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Taliban Movement Gains Strength
in the United States

by Clyde Verner
page seven

The American legal system gives a woman the incentive of a free ticket to take the family house and family income, along with the children away from her man whenever she wishes. This is of course anything but egalitarian. And because this approach is so obviously against the best interest of the children, protocol requires that the man must first be accused of some horrible crime.

There are underlying issues of gender war here, though it is not always clear precisely what they are. The present scale of family disintegration brings into question whether an egalitarian society is even achievable. No civilization has ever successfully given men and women equal social and legal status, as Robert Scheaffer documents in Deceptions of a "Gender Equal Society." Mr. Scheaffer exposes the clearly fraudulent claims made by Eleanor Leacock in her contribution to Becoming Visible, a textbook often used in Women's History classes.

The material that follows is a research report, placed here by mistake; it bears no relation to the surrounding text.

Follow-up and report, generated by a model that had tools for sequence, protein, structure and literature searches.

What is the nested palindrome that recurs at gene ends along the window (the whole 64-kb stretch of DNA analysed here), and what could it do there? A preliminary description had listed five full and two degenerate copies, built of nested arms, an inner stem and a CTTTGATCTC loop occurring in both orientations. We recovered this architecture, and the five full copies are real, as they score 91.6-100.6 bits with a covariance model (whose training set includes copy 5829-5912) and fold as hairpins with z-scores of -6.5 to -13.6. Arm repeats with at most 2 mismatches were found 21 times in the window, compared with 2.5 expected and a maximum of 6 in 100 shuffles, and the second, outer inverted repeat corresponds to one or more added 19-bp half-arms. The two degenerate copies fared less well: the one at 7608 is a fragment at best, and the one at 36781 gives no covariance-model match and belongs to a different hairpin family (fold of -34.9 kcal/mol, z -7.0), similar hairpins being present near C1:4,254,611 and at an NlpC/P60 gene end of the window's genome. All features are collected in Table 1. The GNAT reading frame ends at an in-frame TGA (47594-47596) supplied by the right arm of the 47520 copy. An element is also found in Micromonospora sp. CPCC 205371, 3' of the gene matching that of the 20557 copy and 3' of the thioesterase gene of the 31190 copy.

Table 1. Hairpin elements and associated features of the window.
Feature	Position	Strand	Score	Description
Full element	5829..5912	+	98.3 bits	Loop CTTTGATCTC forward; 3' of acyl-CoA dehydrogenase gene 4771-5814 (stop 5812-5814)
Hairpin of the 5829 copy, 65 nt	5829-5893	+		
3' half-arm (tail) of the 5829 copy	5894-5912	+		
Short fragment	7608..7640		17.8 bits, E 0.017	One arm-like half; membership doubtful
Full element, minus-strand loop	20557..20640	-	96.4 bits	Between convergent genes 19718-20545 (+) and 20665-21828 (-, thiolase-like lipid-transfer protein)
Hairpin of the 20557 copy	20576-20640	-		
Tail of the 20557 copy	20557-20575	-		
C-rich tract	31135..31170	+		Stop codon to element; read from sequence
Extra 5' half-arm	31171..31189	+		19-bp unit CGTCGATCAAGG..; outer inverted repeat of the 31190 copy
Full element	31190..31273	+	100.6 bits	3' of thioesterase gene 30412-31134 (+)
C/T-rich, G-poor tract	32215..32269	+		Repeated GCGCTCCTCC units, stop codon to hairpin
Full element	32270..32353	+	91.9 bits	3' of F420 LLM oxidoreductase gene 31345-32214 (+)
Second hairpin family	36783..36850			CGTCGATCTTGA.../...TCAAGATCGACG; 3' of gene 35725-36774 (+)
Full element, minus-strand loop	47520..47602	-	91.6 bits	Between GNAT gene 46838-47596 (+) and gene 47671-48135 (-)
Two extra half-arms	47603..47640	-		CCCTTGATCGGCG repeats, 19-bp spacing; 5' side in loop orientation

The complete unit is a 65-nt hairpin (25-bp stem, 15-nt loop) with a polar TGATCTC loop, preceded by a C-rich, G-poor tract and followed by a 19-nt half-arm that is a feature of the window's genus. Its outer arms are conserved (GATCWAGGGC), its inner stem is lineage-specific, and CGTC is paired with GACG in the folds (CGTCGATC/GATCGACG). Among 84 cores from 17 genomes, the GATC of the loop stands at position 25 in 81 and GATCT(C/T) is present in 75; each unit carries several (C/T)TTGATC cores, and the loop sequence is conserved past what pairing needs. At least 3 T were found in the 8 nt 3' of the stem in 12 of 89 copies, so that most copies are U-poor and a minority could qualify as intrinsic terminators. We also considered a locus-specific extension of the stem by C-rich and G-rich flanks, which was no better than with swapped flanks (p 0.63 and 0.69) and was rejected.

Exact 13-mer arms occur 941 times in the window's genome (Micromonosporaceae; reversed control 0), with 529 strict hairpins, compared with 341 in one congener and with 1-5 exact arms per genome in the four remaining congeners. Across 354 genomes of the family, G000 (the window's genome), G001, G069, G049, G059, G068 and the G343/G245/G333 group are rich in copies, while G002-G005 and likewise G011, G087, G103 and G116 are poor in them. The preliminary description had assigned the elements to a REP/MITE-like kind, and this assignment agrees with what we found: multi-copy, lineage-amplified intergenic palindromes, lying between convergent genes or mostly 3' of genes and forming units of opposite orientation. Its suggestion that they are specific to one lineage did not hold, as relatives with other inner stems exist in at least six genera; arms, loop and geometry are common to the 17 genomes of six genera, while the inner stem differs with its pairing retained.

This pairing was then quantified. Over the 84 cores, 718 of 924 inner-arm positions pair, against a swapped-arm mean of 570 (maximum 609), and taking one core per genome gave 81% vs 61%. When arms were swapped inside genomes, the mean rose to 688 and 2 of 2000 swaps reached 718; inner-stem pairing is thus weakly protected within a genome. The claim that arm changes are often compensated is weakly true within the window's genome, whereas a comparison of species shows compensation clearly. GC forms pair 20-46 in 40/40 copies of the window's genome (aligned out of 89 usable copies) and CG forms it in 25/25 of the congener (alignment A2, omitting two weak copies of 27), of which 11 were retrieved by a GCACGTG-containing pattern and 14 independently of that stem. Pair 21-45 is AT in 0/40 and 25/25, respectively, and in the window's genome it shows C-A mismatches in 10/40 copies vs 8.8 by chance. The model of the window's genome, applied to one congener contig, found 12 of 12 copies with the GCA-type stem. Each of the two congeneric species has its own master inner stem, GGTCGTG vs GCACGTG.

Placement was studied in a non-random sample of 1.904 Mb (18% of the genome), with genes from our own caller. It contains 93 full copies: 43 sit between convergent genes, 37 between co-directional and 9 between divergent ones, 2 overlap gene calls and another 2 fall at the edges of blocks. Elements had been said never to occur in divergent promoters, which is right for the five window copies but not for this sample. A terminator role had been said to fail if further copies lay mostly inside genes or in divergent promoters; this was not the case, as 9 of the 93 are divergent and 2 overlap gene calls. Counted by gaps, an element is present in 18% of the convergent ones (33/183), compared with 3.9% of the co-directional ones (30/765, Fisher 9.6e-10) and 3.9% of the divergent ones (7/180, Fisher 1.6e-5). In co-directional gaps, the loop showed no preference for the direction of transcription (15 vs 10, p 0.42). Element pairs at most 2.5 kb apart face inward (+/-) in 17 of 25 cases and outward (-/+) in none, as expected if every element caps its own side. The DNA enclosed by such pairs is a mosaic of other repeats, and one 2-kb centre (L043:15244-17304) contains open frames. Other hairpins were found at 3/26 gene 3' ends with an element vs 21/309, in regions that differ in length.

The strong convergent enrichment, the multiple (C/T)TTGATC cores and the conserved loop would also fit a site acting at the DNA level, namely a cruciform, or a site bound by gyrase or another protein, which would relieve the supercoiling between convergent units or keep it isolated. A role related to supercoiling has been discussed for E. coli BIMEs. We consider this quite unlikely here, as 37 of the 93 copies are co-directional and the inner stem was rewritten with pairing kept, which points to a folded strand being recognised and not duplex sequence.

A man who does not feel reasonably certain that he can keep his family has little motive to invest in it, emotionally or otherwise. There are those who argue that strong fathers are an essential part of stable families. In The Case for Father Custody, Daniel Amneus makes a compelling argument that the social invention of fatherhood is the basis of stable families. Or put another way, when fathers are weak the family breaks apart, and so does the social structure. If this is the case, then we must find a way to restore fathers to their traditional place of authority in childrearing.

We can no longer expect women to spend their lives bearing twelve children. Nor can we afford to let our culture be further destroyed by a gender war. Whether egalitarian social roles for men and women can be found in a way that balances all of these forces is yet to be seen. If the effort fails, history demonstrates that when law gives way to brute force, it is men who will restore order.

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